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6 Reasons Why China’s Falling Prices Will Impact Global Market


The price collapse in China surprised everyone, Rabobank analysts say in the company’s Pork Quarterly Q3 report. China’s hog prices sharply declined in the first quarter of 2021 to lower levels than imported pork prices, and prices have been below the break-even point of most fattening farms for over three months.


Rabobank says there are several reasons behind the price plunge. In the first four months of the year, new strains of African swine fever (ASF) outbreaks led to more herd liquidation in affected regions and caused a temporary supply surge.


“Based on MARA data monitoring, the monthly slaughter by scaled slaughterhouses increased by more than 35% in the first five months of 2021 and by over 40% in both April and May,” Rabobank analysts write. “This was followed by the dumping of oversized hogs as farmers abandoned hope of a price rebound and rushed heavy hogs to slaughter.”


The oversized hogs were up to 40% heavier than normal, which put extra pressure on supply from April to June. Combine this with disease outbreaks in late May and a new round of liquidation in those regions are likely to result in more market chaos.


China’s Hog Price Should Rebound in Q3, Analysts Say

Because of the large slaughter of hogs and liquidation of sows, Rabobank expects slaughter to decline in the third quarter as compared to the second quarter of this year.

“Average hog slaughter weight will also go down, as it’s not profitable to raise oversized hogs at the moment,” Rabobank says in the report. “While it’s difficult to predict how high the prices could move up, we believe live pig prices will likely go above CNY 20/kg but will be pressured by the high inventory of frozen pork accumulated in 1H by slaughterers and importers. Thus, the price rebound is expected to see volatility in 2H.”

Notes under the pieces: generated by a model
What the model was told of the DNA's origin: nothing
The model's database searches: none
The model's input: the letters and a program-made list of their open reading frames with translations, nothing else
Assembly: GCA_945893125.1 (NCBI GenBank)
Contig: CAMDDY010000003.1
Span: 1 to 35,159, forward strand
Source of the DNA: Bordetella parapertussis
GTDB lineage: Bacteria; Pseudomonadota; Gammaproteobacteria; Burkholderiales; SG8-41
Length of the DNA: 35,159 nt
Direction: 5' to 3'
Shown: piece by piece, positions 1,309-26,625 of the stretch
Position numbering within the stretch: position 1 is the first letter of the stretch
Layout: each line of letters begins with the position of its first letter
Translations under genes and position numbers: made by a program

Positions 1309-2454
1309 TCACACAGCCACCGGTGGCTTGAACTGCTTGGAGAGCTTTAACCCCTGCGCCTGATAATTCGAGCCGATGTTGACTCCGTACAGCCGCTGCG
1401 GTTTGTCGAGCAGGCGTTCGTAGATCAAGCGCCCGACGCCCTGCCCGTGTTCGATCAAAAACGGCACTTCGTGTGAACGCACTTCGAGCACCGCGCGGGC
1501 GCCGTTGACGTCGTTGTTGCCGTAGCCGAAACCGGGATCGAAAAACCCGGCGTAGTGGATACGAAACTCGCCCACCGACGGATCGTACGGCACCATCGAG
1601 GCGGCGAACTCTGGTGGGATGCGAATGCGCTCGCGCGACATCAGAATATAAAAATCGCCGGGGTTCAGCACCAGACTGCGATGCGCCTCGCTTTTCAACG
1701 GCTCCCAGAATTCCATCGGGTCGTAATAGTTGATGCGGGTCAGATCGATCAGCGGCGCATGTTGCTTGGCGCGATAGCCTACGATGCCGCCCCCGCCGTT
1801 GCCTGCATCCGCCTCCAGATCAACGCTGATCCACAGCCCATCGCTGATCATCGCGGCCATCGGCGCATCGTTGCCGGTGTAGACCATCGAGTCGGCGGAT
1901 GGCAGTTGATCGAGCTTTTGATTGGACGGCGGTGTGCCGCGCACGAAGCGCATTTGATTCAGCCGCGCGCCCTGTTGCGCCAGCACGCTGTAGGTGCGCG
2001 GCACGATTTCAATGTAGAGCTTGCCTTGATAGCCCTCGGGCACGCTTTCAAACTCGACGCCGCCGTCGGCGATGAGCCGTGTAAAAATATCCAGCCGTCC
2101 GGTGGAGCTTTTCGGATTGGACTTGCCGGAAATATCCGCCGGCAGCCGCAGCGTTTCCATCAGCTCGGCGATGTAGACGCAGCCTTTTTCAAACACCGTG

Low local pork prices and low market sentiment provide even more uncertainty about domestic prices. As well, the severe floods in July create new disease risks for the remainder of 2021 and early 2022, analysts explain.


“The impact of record-breaking rainfalls on livestock production is still unclear, but Henan is one of the largest hog-producing provinces, so even if direct impact is limited, the indirect impact on crop quality, disease spread, and food safety is believed to be significant. This will increase uncertainty about the pace of production recovery in 2021,” Rabobank says.

Here are six reasons why global pork trade is facing big swings, according to the report. 1. Low Chinese imports expected in Q3. 2. Europe’s pork exports are highly dependent on China. 3. Price impact depends on the level of decline in exports. 4. Finding new export markets may mitigate the impact of China’s reduced import demand. 5. Weaker U.S. exports to China offset by stronger local demand, alternative export markets. 6. Lower Chinese demand is the main challenge for Brazilian exporters.


Par Jennifer Shike (24/08/2021)


Source : porkbusiness.com


Photo : canva.com (tirée de l'article original)

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